Analysis: An elusive immunity issue
With no dissent, the Supreme Court on Tuesday removed one potential immunity shield for foreign officials when sued in U.S. courts over claims that they carried out or allowed human rights abuses to occur in other countries. A 1976 law that gives foreign governments’ immunity to many lawsuits in American courts, the Court declared, does not provide immunity to lawsuits aimed at current or former officials of foreign nations. (The only disagreement among the Justices in the case was over the uses of legislative history to prove legal points.)
The Court’s ruling left open, without resolution at this point, the possibility that foreign officials may yet be able to assert some form of immunity to claims about atrocities committed overseas. That will have to be sorted out first in the lower courts, the Court said in deciding Samantar v. Yousuf (08-1555), a case that grew out of the turmoil in the African nation of Somalia.
The case involves Mohamed Ali Samantar, a former high official of the Somali government who now lives in Virginia. He was sued by a group of former Somali citizens or their families, asserting that Samantar and his military aides conducted a reign of terror among members of the Isaaq clan in Somalia during the 1980s. Samantar was sued under the Alien Tort Statute, which dates to 1789, and the Torture Victim Protection Act of 1991, which authorize some lawsuits in U.S. courts for human rights abuses abroad. Samantar argued in response to the lawsuits that he had legal immunity on his own, as a former official of Somalia, and on behalf of his government as its agent for any action she took while in office. The Fourth Circuit Court rejected his immunity claim.
Justice John Paul Stevens, writing for the Court, stressed the narrowness of the ruling, saying that the Court was only deciding that such an immunity claim was not even covered by the Foreign Sovereign Immunities Act of 1976. When Congress wrote that law, to codify an official U.S. practice of limiting foreign nation’s immunity to U.S. lawsuits, it uttered not “so much as a word spelling out how and when individual officials,” as opposed to foreign governments, would be covered by the legal shield.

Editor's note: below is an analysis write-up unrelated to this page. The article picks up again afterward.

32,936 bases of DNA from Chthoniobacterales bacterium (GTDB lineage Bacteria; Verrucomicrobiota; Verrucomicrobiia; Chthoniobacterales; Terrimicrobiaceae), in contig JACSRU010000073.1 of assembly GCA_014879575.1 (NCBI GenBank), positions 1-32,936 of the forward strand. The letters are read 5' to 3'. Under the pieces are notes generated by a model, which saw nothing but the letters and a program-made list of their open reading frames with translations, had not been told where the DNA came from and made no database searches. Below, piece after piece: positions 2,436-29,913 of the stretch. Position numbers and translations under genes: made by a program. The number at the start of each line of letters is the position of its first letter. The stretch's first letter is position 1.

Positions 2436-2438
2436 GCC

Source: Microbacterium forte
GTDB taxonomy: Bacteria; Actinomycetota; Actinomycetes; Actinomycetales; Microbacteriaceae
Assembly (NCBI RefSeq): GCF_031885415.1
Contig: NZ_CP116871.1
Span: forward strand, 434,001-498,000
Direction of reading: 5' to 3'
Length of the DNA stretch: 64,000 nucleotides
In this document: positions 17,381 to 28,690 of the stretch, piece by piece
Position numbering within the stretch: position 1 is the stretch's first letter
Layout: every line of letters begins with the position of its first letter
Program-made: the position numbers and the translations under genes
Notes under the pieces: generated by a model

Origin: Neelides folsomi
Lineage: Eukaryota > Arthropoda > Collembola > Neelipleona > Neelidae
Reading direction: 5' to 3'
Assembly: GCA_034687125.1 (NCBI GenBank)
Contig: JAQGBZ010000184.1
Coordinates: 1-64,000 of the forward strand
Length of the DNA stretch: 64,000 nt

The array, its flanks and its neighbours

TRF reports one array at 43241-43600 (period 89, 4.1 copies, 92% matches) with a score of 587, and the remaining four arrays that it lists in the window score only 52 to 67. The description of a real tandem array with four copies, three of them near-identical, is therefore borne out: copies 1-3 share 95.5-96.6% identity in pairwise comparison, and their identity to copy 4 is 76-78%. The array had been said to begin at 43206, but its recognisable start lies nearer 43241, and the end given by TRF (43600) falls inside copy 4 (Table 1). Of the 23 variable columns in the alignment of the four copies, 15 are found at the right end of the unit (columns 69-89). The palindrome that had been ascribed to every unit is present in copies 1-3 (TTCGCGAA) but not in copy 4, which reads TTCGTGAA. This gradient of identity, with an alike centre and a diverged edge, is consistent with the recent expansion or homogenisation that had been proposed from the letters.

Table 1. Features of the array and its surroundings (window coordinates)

While Samantar claimed that he also had immunity under traditional law not codified in a statute (that is, in the common law) or in customary international law, the Court said Congress did not incorporate either of those concepts in the 1976 Act. Whether they would now provide immunity to the former Somali official, Stevens wrote, was beyond the scope of Tuesday’s ruling; Samantar can now make those claims, and offer any other legal defenses he may have, in the District Court when the case returns there.
The main opinion relied both on the language of the Act as it came from Congress, as well as on the legislative history as Congress considered the Act, and on the state of international law at the time the Act was adopted. Justices Samuel A. Alito, Jr., Antonin Scalia and Clarence Thomas each objected to Stevens’ reliance on the use of legislative history, so each wrote separately; all of them, however, supported the result — denying Samantar immunity under the 1976 law.
In discussing the possibility that Samantar may have a form of immunity under the common law, the Court, while not deciding that, used language that might point in both directions for lower courts in considering that specific assertion. On the one hand, the Court said that there is an argument that the common law gave individual officials the same immunity that foreign governments themselves had, when the officials acted on behalf of such a government. On the other hand, the Court said there is an argument that an individual official would have immunity only if a lawsuit against such an individual would actually impose some obligation on the foreign government.
But, Justice Stevens said, the Court was not accepting either argument at this point. The opinion discussed those theories only in the context of saying that neither one of them justified finding immunity in the 1976 Act dealing with foreign governments’ immunity to U.S. litigation.
[Disclosure: Akin Gump and Howe & Russell represented the respondents in the case, but the author of this post operates independently of those firms.]